The Power of Community and Comparison in Business Programme Admissions

 Modern consumers often set out to purchase an item with a clear vision in mind. The process of research and comparison, however, frequently leads shoppers to buy a different model than the version they originally considered. In the digital age, buyers have become accustomed to quickly identifying the options available and choosing the best fit.

Business programmes can benefit from this desire to research and compare — in many cases, schools have the opportunity to attract applications from candidates who had never heard of their institutions before. Choosing from a greater number of applicants allows schools to be more selective and accept the ideal mix of incoming students to create a better class.

Casting a wider net
Members of associations such as AMBA can tap into the power of BusinessCAS™, a Centralized Application Service (CAS™) for graduate management programs that is available at no cost to their institutions. When member schools provide information about their graduate business offerings and accept applications through BusinessCAS, they gain exposure to a broader pool of prospective students. Applicants benefit from a global marketplace for researching and applying to business schools. They can easily find the programmes that match their preferences.

With many countries facing economic challenges, students may be more reluctant to take on the cost of full-time MBA study, according to Soumitra Dutta, board chair at the Association to Advance Collegiate Schools of Business, the business school accreditation body. “When the economy doesn’t do well, business schools suffer,” he says.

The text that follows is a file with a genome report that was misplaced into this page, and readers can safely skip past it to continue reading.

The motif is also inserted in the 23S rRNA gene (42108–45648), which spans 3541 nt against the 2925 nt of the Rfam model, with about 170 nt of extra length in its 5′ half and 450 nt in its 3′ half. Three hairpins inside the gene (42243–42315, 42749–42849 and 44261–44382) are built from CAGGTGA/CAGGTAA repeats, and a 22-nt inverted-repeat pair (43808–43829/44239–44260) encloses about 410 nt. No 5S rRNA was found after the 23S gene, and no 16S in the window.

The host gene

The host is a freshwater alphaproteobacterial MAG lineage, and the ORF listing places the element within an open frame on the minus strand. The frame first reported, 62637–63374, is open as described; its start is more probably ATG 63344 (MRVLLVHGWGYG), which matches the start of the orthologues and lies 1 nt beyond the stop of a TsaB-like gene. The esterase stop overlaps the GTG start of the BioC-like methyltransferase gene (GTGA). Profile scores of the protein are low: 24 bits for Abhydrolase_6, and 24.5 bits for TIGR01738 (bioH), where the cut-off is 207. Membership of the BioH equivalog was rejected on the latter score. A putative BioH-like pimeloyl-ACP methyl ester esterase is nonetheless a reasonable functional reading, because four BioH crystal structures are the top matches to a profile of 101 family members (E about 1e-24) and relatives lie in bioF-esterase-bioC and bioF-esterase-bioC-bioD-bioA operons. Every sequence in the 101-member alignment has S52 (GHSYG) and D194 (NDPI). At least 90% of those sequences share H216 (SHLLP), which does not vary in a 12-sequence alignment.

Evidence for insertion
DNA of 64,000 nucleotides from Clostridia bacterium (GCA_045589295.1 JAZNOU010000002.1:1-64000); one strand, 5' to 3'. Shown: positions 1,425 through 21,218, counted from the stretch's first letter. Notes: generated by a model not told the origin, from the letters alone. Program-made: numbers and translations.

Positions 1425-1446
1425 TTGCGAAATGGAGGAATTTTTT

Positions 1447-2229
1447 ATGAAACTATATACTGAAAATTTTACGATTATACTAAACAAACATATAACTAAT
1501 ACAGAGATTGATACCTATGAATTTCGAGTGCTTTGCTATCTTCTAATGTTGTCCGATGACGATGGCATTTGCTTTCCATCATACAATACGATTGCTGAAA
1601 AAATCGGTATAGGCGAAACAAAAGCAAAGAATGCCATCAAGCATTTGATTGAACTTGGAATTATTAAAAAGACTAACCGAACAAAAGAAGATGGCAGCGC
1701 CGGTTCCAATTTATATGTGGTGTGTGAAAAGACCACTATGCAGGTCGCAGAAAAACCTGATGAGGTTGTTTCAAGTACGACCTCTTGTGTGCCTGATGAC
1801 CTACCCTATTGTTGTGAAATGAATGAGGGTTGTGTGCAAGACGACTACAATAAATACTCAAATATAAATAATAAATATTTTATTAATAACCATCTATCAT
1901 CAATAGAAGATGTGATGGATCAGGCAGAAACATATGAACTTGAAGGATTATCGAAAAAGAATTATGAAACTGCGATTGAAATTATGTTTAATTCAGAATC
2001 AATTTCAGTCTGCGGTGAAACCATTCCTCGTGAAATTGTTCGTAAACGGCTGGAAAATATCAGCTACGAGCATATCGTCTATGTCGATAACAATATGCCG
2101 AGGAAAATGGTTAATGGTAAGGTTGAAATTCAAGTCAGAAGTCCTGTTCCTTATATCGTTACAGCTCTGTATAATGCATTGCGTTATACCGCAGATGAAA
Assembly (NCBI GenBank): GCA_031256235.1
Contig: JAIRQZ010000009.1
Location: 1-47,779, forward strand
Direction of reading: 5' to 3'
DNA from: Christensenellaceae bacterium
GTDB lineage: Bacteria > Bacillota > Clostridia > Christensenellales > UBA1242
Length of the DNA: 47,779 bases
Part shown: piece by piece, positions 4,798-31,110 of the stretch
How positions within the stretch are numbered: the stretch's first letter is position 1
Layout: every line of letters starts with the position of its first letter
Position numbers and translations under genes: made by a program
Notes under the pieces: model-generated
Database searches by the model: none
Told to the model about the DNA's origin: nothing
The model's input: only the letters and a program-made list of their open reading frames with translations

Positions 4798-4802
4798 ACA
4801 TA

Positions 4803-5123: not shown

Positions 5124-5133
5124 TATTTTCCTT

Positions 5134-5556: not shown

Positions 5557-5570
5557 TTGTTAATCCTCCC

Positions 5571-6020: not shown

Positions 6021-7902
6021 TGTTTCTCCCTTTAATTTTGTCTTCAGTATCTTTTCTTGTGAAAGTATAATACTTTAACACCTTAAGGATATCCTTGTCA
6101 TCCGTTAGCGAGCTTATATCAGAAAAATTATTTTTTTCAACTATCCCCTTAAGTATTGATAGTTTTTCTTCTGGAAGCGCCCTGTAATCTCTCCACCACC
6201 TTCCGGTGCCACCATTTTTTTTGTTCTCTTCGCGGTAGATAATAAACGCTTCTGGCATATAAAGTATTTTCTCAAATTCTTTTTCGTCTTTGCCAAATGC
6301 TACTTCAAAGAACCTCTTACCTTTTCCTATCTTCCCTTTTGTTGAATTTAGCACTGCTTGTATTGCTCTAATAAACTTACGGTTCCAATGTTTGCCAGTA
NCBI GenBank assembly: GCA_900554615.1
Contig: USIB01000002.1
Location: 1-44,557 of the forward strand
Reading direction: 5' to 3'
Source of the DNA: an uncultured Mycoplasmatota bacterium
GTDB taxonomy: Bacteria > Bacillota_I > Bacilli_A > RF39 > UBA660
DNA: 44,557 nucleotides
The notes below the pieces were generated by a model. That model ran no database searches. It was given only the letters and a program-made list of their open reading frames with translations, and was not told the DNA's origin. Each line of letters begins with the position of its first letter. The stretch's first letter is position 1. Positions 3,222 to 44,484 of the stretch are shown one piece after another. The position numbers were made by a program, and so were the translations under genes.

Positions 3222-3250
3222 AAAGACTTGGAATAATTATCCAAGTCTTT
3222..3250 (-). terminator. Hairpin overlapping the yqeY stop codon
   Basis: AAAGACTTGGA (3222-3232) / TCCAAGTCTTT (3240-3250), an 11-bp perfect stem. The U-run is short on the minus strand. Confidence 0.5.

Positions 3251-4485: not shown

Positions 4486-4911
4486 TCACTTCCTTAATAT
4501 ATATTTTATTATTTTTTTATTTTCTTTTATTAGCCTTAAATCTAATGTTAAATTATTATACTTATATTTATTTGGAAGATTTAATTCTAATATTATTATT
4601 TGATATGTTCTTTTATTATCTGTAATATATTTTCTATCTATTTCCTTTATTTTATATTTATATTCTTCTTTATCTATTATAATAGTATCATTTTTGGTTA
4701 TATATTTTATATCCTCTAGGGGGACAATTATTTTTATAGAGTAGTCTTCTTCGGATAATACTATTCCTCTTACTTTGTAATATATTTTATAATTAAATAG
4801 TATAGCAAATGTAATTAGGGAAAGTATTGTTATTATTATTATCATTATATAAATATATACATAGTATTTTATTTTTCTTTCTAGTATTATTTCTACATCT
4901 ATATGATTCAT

Other institutions find that a down economy inspires students to seek safe haven from the uncertainty of the job market by going back to school full time. No matter which is the case, the ability to connect with students from many different regions ensures schools can maintain a healthy admissions pipeline, no matter their economic or political climates.

GMAC found that graduate programs in Europe and Canada are about twice as likely to report growth in international applicants compared with the U.S.With 94% of employers seeking students with experience solving problems working with those who hold different views, and 87% saying they believe students should develop inter-cultural skills, diversity has become a key focus for many schools. BusinessCAS supports programmes working to build diverse student populations by helping them easily connect with a larger pool of global applicants through communities like AMBA.   

Streamlining the process for students and schools alike
Completing a single application for multiple programmes saves students time and makes it easier for them to apply to several schools at once. In addition, enabling prospective students to easily compare programmes ensures they truly understand the similarities and differences — organisations have an opportunity to showcase their brand and clearly express what makes each of their programmes unique. Armed with this information, applicants have a better understanding of which schools may offer the best fit, so admissions staff are often dealing with students who are more knowledgeable about the school and its programmes.

Schools have the option to customise the application to align with their specific admissions processes. The CAS easily allows you to gather responses to unique questions and collect any additional resource materials your team uses to evaluate prospective students — requirements may vary from programme to programme.

BusinessCAS also simplifies application review, providing admissions professionals visibility into each applicant’s credentials and qualifications. Detailed analytics help admissions officers work more efficiently to meet strategic enrollment goals. Reports deliver insight into the applicant pool, allowing for targeted recruiting in areas that need it most, as well as personalized communications with individual applicants.